‘Who are going to be the Service Providers of the future?’ and ‘What is going to be their role?’ is also an open question. In some ways we have the likes of Broadsoft, Genband & Mitel becoming services providers but also some of the traditional providers are reconsidering their current model of operation and starting to sell their platforms on a Wholesale basis to compete, whilst others focus more on the go-to-market elements and may ditch owning a platform and purchase the platform on an OPEX model from a third party. Some people still appear to be struggling with this fundamental change, with some PBX providers are trying to build complex pricing and go-to-market models which were a kin to the old paradigm and overlay them on the new world, not appearing to understand their new role in the market.

Clearly there is going to continue to be a mix of approaches, some providers who have established platforms are going to continue with their existing model where they take the risk and reward, and in other circumstances we are going to see new and existing channels move to the new model. Already we have seen companies like BT utilize the consume model as a stepping-stone to delivering their own solution. We see players like RingCentral & NFON who developed their own platform now both sell direct but also enable large providers such as AT&T, O2 Germany and BT.

Cavell believes that the whole supply chain is now becoming more focused on the adoption of services, by not only the Enterprise but also the actual end user. It is no longer viable to supply the platform and move onto a new customer. From a Go-to-Market approach, there needs to be more of a focus on Sales Enablement helping partners, channels and direct sales teams bring users onto their platform and keep them there rather than just selling large platform. This will require manufacturers to undergo a Sale Transformation of their own sales teams put in place new programs to support partners.

The traditional PBX distributors have been scratching their heads for a while, although with Hosted VoIP there is still equipment (such as phones) that needs distributing. On the other hand we see a group of technology enablers who both distribute technology but also enable and manager service for their customers with the likes of Siphon Networks. The issue of adoption is not limited to UC we are seeing that as providers driver services to the cloud the requirement is covering multiple services.

Cavell is seeing the above translate both into real challenges but also opportunities; we are already helping services providers and manufacturers with sales enablement and transformation programs. We are working with players in all elements of the supply chain on what their role and strategy in the future.

If you want to discuss the above further, and find out how we could help your organization with the challenges drop us an email matthew.townend@cavellgroup.com

Broadsofts purchase of HIPCOM justified with 5 year deal signed with BT March 6, 2014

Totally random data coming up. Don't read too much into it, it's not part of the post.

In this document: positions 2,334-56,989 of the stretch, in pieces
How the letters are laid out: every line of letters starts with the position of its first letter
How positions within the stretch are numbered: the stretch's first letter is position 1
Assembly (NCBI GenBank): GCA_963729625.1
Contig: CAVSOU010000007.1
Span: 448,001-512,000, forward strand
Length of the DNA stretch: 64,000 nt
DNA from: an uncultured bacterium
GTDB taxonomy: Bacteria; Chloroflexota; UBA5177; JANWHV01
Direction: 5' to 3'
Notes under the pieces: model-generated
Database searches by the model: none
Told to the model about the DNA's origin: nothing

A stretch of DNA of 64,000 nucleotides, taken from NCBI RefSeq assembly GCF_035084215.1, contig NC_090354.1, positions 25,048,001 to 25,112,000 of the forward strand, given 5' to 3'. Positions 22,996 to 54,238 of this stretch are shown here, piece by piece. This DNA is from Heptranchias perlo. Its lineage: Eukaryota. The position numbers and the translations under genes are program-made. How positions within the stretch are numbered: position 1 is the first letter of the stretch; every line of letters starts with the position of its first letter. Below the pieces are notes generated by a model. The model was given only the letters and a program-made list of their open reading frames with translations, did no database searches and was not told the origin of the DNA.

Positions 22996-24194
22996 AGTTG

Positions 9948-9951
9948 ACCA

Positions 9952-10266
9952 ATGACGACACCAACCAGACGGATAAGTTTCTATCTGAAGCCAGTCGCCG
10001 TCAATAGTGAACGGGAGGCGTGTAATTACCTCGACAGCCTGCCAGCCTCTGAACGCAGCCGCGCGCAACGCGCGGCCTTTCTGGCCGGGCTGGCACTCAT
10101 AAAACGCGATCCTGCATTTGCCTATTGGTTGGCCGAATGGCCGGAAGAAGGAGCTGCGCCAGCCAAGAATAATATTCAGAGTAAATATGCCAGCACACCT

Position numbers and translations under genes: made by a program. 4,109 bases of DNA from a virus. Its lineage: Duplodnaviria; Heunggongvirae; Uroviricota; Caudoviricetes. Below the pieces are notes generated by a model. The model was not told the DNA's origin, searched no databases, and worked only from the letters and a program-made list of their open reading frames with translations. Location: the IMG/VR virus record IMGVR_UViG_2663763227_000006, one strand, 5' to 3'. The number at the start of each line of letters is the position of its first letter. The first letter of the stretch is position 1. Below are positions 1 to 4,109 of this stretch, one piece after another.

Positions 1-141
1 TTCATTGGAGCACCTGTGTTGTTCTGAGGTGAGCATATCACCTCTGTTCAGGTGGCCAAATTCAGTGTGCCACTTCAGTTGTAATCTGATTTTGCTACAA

Posted by Matthew Townend in Uncategorized.
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Last week BT Wholesale & Broadsoft announced a 5 year distribution agreement. This really justifies the  purchase of HIPCOM by Broadsoft earlier in the year, as it was widely rumoured in the channel that BTW may move away from HIPCOM & therefore Broadsoft. This potential move was  not because HIPCOM offered a poor service more because the multitiered financial relationship that BT had with Broadsoft via HIPCOm just would not work in a channel environment with to many mouths to feed.  This also clarifies BTW strategy which will give the channel confidence to enter into longterm contracts.

illume noted that in the  the announcement it was stated “As part of the agreement, BT Wholesale will become a preferred BroadSoft distributor in the UK to communications providers looking to provide Hosted IP Centrex Services to the indirect channel”, we will have to see what preferred distributor means as obviously Broadsoft have some very large existing distributors of their services in the UK already.

Marc Timmermans, Director Portfolio Development, BT Wholesale highlighted the importance BT are placing on Hosted UC.

“Hosted Communications Services is a key pillar in BT Wholesale’s strategy and is at the heart of our plans to rapidly expand our indirect channel business. By working with us, communications providers can offer their business customers a complete communications service, whether it be Hosted IP Centrex, SIP Trunking, Contact Centres or Inbound Services, all run, managed and owned by BT.”

On friday Broadsoft also announced their latest financial result and also gave some insight to their on going strategy. Performance continues to be strong with full year, total revenue was $178.5 million, an increase of 8% compared to $164.8 million in 2012. The results indicated strong performance in their core Business Hosted UC & Broadcloud businesses, with weaker performance in consumer and they indicated that outside of the US they had not seen the growth in the SIP trunking business they had seen in the US or though there were signs this was changing. They indicated that was because the markets were not as mature, obviously we are seeing strong growth in the UK for SIP Trunking, but often people choose to deliver this directly from SBCs rather than from their Application server infrastructure.

The other clear theme of the call was the opportunity and progress Broadsoft are making selling to mobile operators, with particular focus on the future opportunities of offering voice over LTE type services.  Although generally their are still some concerns about LTEs ability to carry voice, this is a clear direction for Broadsoft and are gaining traction selling to Mobile providers who maybe only offering 3G business services today. Mike Tessler CEO Broadsoft mentioned that Broadsoft are well position to service Enterprises as they move away from their premise based PBX architectures which were designed to work within the confines of the LAN & lack any real mobility capabilities, and where maintaining a hardware box & wiring closet were key to handling  enterprise comms requirements to a time when people are communicating with mobiles, tablet and from anywhere around the world.  illume think VLTE will take time to become a market reality in most market, in the meantime however extending Hosted UC capability over mobile and wifi environment is clearly key to Broadsofts growth opportunities.

illume is also interested to see how the recent purchase of Finnacom in Germany and Hipcom in the UK may help re invigorate Broadsofts previously announced federation strategy which has gone a bit quiet in the last year. By effectively having their own operator in Germany and UK can they now offer the ability to their customers to offer B end services in these countries, it will be interesting to see how this develops further.